5. Get Creative in Your Gift Giving
Many families have had to cut back on holiday gifts. If this includes you, have a family meeting and get creative. "Some families draw names and each person buys for one person. Some families do handmade gifts or coupons," Dubin says. A coupon might be good for a massage or night off from doing the dishes, for instance. You don't have to go into debt to make the holidays special.
6. Play Games
Games can keep things fun and light at family gatherings. "Games are a good way to connect with each other and engage your mind, body, and imagination," says Levingston. The game is up to you. You can play games indoors or out, and they can be anything from a walk, treasure hunt, cards, or charades. "The key thing is, you are in the moment."
7. Postpone Family Feuds
There is a reason many people equate holidays with family strife. "When you have a group of people in a small area and everyone expecting to have a great time, it is almost a set up for arguments," Dubin tells WebMD. With so much emotion and expectation, the holidays are not the best time to work things out. If old family baggage surfaces, plan to talk after the festivities wind down. "It's better to address emotional issues in a more relaxed, private setting," Dubin says.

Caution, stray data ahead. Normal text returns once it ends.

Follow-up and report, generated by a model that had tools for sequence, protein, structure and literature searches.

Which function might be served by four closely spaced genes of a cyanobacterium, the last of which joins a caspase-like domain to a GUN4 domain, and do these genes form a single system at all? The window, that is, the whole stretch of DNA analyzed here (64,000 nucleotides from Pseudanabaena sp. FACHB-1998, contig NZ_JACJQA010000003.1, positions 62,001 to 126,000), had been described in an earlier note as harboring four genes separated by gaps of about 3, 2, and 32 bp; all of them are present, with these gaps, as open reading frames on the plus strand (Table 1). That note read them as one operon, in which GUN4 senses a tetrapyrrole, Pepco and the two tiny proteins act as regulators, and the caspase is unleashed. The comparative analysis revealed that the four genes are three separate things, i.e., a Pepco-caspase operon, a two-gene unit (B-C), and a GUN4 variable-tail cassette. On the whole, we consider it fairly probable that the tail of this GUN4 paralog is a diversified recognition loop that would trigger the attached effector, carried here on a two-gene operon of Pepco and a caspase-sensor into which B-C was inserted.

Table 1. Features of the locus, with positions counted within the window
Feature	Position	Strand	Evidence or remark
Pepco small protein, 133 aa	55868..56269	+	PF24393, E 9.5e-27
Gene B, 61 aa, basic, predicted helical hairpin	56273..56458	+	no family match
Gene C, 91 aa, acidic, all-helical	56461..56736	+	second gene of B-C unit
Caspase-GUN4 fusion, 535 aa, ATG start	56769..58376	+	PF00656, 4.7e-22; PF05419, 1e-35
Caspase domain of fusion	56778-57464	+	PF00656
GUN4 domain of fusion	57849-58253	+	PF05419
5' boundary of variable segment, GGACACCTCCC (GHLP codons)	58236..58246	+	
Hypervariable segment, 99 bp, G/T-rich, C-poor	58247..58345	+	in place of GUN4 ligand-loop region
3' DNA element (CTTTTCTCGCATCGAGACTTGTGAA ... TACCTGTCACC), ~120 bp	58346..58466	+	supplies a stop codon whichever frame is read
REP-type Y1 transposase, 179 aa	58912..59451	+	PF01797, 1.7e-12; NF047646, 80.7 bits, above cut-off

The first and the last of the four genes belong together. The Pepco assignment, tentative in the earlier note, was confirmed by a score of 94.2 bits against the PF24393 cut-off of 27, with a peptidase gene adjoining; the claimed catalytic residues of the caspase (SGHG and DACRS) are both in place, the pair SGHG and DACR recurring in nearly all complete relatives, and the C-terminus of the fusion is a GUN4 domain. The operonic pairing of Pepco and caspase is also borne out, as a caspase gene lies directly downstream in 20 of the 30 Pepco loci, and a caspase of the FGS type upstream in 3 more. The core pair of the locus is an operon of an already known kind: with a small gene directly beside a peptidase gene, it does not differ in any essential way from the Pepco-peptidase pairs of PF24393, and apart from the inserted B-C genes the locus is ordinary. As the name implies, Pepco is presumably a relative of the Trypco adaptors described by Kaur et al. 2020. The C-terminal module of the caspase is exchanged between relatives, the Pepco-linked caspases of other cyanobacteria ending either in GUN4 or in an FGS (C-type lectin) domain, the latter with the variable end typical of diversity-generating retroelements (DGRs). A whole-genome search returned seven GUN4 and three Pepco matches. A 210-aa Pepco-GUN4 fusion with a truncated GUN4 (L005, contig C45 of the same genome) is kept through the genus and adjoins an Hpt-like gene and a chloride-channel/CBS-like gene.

8. Have Compassion for Yourself and Others
Even if you shop less and focus on family time, stressed-out friends, in-laws, and co-workers may still come calling. How can you be a good friend and keep your calm?
Try not to take things personally. Levingston says that's one of the most important skills you can learn to reduce stress. During the holidays in particular, he says, most people are trying to get their needs met. Maybe it's their need for love or simply for validation. "Even if someone is being a jerk or insensitive, it is their way of trying to get their needs met," Levingston says.
So try not to think about how people "should be." Accept them as they are, and release the tension from your body. "I think when we can see where people are coming from, there can be less frustration and more compassion," Levingston says.